While we aren’t ready to lay out an accumulation map just yet, the heaviest snow axis will likely include 8″ to 12″+ amounts somewhere through central portions of the state.  We’ll aim to provide a first call snowfall map this time tomorrow.  Furthermore, there will also be a wind component to this storm.  What’ll initially be a wet, heavy snow will turn more “powdery” in nature as arctic air gets pulled into the storm.  That powder will get blown and drifted about Friday night and Saturday and travel will be significantly impacted.

    Frigid conditions will return over the weekend before another accumulating snow pushes into town Monday.  Behind this snow maker, a brutal push of sub-zero air is likely next week.

    Upcoming 7-Day Precipitation Forecast:

    • Snowfall: 6″+
    • Rainfall: 0.50″ to 0.75″

  • Accumulating Snow Friday; Dangerous Cold Develops Next Week…


    • Accumulating snow on the way
    • Frigid times remain
    • Dangerously cold next week

    Snow And Major League Cold On Deck…A weak impulse of energy will track across the region today and will be just enough to ignite a couple of snow showers and scattered flurries.  For most, this won’t be a big deal.  A more impactful opportunity for accumulating snow will arrive Friday as a clipper system moves southeast.  Snow will develop late tonight across the Plains states before expanding in overall coverage and intensity as it pushes southeast into the Ohio Valley Friday.  With such cold air in place, snowfall ratios will be higher than the standard 10:1 and snow will quickly accumulate on roadways, making for slick travel Friday afternoon into the evening.  Here’s our current snowfall forecast for Friday:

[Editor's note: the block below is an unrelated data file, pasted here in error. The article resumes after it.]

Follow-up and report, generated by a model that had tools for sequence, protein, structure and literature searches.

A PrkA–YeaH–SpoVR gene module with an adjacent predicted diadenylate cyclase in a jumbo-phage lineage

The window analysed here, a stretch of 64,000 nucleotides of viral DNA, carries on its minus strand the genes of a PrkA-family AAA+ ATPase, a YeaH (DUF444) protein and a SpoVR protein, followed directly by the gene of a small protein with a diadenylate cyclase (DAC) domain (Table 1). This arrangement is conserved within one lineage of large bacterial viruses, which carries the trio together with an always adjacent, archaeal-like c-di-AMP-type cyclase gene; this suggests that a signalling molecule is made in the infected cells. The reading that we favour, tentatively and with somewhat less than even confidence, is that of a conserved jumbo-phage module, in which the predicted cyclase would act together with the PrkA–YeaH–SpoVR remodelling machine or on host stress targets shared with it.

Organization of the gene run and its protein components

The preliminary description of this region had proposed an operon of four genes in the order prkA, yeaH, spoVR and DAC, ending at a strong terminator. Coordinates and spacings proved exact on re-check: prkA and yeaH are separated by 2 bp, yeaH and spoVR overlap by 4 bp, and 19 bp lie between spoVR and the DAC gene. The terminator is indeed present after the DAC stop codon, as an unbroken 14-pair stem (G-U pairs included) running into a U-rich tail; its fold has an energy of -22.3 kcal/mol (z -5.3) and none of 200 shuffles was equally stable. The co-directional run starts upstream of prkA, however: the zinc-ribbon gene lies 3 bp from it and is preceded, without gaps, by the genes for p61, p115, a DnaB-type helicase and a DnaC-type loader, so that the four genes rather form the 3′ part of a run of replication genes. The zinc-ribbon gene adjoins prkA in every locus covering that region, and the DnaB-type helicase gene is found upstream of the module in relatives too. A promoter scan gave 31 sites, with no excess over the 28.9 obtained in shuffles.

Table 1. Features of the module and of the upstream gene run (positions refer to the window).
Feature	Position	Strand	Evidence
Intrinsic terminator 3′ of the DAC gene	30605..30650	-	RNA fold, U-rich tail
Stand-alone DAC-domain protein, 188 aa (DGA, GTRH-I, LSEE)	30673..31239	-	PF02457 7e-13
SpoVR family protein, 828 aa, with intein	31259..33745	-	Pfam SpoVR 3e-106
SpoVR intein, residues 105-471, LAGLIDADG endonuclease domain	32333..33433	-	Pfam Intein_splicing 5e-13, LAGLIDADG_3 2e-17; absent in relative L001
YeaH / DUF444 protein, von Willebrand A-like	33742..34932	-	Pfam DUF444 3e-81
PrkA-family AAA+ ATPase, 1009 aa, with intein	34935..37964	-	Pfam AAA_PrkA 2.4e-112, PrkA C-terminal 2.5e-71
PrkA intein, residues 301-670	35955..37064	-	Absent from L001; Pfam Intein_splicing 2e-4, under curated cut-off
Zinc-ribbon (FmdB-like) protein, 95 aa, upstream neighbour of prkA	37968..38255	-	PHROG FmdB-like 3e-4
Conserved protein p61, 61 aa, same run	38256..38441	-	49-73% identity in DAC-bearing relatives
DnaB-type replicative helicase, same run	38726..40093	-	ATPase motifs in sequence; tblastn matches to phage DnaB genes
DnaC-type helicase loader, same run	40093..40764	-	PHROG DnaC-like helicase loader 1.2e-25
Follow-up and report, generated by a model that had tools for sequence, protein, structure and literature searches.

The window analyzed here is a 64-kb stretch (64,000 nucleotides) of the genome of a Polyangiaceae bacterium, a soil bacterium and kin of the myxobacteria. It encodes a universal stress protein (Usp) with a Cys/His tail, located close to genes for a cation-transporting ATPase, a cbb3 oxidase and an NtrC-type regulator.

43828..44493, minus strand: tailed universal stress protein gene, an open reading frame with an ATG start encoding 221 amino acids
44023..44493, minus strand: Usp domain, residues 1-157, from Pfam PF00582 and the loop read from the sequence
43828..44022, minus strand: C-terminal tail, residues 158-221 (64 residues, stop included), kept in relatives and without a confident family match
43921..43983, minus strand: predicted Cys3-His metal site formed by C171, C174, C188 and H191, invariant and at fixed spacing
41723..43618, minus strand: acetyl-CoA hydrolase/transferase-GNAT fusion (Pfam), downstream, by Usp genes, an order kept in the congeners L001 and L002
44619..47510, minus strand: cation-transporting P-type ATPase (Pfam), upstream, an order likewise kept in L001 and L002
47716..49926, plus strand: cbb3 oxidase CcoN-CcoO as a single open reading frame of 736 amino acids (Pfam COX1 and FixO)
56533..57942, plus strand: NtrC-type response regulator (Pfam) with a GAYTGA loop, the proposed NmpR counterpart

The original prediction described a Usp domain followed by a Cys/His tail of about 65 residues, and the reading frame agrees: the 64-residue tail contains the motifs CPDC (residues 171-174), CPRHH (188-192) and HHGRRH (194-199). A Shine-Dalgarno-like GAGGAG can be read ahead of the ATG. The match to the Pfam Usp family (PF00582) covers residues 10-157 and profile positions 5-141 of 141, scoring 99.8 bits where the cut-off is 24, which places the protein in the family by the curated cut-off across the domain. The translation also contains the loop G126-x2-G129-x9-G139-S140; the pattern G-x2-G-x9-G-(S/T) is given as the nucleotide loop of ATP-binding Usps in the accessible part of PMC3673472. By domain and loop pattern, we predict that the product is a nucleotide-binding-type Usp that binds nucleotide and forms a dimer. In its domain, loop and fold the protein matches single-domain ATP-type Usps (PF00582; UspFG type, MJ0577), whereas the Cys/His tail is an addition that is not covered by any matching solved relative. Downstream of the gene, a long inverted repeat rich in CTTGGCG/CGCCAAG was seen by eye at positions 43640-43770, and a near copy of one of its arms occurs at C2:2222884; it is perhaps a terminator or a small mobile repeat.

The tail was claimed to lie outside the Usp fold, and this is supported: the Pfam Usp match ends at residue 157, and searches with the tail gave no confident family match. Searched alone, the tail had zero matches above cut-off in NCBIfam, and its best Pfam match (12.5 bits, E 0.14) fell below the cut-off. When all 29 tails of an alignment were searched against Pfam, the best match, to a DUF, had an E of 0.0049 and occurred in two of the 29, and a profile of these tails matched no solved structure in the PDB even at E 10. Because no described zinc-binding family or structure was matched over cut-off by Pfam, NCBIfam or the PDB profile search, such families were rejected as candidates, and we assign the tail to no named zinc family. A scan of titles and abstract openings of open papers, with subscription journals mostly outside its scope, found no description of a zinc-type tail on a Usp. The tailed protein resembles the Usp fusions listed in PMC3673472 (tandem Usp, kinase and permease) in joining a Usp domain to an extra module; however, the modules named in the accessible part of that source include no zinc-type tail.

Snow showers will taper off Saturday morning and give way to a blustery, bitter day.  Temperatures will fall through the day and wind chill values will turn dangerous Saturday afternoon and evening (10° to 20° below zero).  This arctic intrusion will set us up for a frigid close to 2017 and open to 2018.  In fact, we expect severely cold conditions early next week (double-digit below zero readings, including wind chill values approaching 30° below zero at times).  Plan and prepare now.

    Upcoming 7-Day Precipitation Forecast:

    • Snowfall: 2″ to 4″
    • Rainfall:  0.00″

  • Busy Week Of Weather…

    November is off to a chilly start and longer range data suggests the chill grows more significant as we venture through the second half of the month.  Officially, IND is running more than 1° below normal through the 12th.

    Despite an active weather week ahead, the open to the new work week will be rather uneventful.  Weak high pressure will keep us dry today and Tuesday.  Fog and low clouds should give way to an increasingly bright sky by this afternoon (still more clouds than sun today) and partly cloudy skies Tuesday.

    Our next weather feature approaches Wednesday in the form of a cold front.  This will return showers to the area midweek.  Rainfall amounts Wednesday should generally fall in the 0.25″ to 0.50″ range.